When burning oil or gas (as is common) they only have a small reservoir, so small you might not notice it - like a 2-1/2 to 15 gallon captive air tank. There's also a "boiler" water feed valve, not that the water is ever supposed to boil, or even get to 212F/100C - but 15 PSI is a typical system pressure, with a relief valve that should go at 25 but given the vagaries of time and age and manufacturing tolerances allowing for at least 30 is good practice. If the house it tall, more pressure may be required in the basement.
Reply to
Ecnerwal

Thanks to all who posted, the question has become academic at this point. Making pressure vessel has more down side than up side. I'm instead going to use a non pressurized tank aka a concrete hot tub with a copper pipe heat exchanger array. ED
Reply to
ED
The older hot water systems work like that, the ones with cast iron radiators in particular.. they have an expansion tank at the highest point. My system has one of their boilers-->
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And due to the high cost of fuel I'm adding one of these-->
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The whole thing is somewhat complicated, there's a group of pretty sharp folks over here --->
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a lot of inovating..hence my look at a different sort of tank.. which I may do, just not in the house but out in the shop.. Tnks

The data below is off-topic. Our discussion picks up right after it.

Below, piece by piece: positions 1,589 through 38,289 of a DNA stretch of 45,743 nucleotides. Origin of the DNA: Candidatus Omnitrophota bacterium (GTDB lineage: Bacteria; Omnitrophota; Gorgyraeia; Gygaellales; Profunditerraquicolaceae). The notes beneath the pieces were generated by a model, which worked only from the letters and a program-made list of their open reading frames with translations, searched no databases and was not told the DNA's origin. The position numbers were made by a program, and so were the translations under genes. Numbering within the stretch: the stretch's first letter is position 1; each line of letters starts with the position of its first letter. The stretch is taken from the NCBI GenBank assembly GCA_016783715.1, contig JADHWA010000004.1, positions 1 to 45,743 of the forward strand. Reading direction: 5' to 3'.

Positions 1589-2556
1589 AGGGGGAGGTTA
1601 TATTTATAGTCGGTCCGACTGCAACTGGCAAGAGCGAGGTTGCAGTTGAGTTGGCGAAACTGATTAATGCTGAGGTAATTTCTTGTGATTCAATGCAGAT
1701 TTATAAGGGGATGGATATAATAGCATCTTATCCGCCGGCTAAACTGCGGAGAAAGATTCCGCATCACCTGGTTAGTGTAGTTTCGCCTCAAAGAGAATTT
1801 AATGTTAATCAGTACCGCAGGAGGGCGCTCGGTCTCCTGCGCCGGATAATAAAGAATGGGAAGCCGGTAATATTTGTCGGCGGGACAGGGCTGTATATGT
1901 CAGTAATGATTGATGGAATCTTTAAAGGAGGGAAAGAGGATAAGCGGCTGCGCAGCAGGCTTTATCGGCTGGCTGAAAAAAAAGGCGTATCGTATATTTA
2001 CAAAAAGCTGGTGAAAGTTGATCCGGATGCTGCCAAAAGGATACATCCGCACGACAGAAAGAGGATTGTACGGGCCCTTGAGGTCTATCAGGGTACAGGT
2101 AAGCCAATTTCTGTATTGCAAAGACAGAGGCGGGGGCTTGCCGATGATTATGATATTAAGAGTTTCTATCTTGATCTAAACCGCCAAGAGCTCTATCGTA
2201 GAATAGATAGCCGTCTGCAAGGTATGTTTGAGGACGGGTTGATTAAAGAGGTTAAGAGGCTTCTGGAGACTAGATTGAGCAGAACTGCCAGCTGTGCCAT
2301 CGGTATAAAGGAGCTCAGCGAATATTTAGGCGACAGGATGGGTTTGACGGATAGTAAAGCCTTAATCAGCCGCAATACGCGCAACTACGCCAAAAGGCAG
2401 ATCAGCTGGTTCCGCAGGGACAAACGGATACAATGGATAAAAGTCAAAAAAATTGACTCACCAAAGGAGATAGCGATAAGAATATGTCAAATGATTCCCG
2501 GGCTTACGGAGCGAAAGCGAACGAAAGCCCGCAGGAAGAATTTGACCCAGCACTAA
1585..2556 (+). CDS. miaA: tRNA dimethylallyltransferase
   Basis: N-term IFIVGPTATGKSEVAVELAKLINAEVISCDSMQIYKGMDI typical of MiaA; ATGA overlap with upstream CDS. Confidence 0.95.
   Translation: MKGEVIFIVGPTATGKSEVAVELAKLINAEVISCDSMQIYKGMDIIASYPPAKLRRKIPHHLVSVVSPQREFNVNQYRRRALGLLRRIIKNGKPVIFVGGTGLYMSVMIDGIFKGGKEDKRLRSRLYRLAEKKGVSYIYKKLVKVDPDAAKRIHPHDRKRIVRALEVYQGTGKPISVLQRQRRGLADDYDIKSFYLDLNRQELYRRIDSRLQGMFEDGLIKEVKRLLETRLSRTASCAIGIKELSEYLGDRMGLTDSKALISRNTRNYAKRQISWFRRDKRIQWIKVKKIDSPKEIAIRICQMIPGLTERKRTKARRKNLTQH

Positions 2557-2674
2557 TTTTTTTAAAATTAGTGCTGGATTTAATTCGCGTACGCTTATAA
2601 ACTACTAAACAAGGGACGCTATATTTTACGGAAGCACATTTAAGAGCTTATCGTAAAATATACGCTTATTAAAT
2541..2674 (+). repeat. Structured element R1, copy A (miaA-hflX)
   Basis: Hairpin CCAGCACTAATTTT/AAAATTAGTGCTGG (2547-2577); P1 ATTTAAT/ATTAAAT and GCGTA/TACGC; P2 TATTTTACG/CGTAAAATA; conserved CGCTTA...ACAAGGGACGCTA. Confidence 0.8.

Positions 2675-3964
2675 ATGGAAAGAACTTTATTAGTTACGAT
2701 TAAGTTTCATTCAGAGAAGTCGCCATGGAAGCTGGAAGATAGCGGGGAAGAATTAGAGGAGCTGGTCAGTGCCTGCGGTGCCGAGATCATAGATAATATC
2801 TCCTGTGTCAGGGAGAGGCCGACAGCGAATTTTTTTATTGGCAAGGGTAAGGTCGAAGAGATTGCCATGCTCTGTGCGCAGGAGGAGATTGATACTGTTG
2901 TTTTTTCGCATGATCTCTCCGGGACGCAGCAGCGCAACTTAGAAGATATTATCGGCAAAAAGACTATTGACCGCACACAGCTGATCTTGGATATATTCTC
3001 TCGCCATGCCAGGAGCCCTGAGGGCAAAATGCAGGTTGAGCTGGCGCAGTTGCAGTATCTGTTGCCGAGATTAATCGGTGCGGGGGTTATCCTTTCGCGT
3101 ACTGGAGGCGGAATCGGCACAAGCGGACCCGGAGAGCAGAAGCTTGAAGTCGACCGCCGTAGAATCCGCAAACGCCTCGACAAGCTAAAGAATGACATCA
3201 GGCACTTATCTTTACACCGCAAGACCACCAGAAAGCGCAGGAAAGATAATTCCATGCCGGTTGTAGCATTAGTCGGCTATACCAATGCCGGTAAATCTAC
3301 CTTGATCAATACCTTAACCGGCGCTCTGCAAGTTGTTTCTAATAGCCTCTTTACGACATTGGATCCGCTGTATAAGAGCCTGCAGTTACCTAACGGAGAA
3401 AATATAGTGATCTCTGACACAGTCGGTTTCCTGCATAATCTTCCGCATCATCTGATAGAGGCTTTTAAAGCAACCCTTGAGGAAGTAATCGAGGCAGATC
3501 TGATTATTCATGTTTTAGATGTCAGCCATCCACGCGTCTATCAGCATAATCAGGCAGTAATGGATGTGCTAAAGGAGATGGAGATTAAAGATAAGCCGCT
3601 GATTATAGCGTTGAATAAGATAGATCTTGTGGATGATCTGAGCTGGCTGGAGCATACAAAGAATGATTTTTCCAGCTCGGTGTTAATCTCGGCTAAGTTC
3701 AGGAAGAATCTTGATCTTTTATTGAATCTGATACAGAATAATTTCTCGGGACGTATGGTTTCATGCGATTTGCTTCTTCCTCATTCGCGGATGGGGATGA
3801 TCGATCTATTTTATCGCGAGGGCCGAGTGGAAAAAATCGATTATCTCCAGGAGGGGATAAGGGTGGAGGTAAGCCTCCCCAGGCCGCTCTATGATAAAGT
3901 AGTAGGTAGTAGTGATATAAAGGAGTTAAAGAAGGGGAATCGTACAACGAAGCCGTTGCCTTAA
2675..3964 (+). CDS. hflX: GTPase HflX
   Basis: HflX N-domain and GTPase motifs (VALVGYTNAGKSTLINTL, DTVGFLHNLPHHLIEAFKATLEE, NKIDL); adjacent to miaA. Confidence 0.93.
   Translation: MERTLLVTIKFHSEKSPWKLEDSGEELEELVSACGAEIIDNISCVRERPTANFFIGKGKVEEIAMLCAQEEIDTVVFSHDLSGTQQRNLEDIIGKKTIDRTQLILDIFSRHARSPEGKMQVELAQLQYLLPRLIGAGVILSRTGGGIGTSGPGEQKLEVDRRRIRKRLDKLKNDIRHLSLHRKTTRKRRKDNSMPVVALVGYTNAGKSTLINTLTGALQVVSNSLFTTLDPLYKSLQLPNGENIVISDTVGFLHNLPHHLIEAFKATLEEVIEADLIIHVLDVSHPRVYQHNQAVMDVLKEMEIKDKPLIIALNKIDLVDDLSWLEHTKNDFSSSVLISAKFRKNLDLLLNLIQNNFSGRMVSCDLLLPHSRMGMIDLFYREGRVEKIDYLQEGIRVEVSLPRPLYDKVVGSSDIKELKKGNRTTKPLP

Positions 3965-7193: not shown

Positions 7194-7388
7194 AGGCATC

ED
snippage
Reply to
ED
"Hydronic" just means that the system uses hot water (not steam or air) to carry the heat to the rooms. Baseboard radiators, in floor radiant tubing and ceiling mounted hot water fed forced air heaters are all "hydronic" heating system. The hot water is typically sourced from a misnamed "boiler" that doesn't actually boil. These systems have a closed loop with an air chamber or diaphragm expansion tank to accommodate the changes in water volume as it heats and cools, and typically operate at about 15 PSI.
The most cost effective setup for the OP is most likely to use one or more of the off the shelf heavily insulated "indirect fired DHW tanks", which are just a big storage tank good for 80+ PSI and containing a heat exchanger coil inside which in normal operation is plumbed as a zone on the hydronic heating system.
Reply to
Pete C.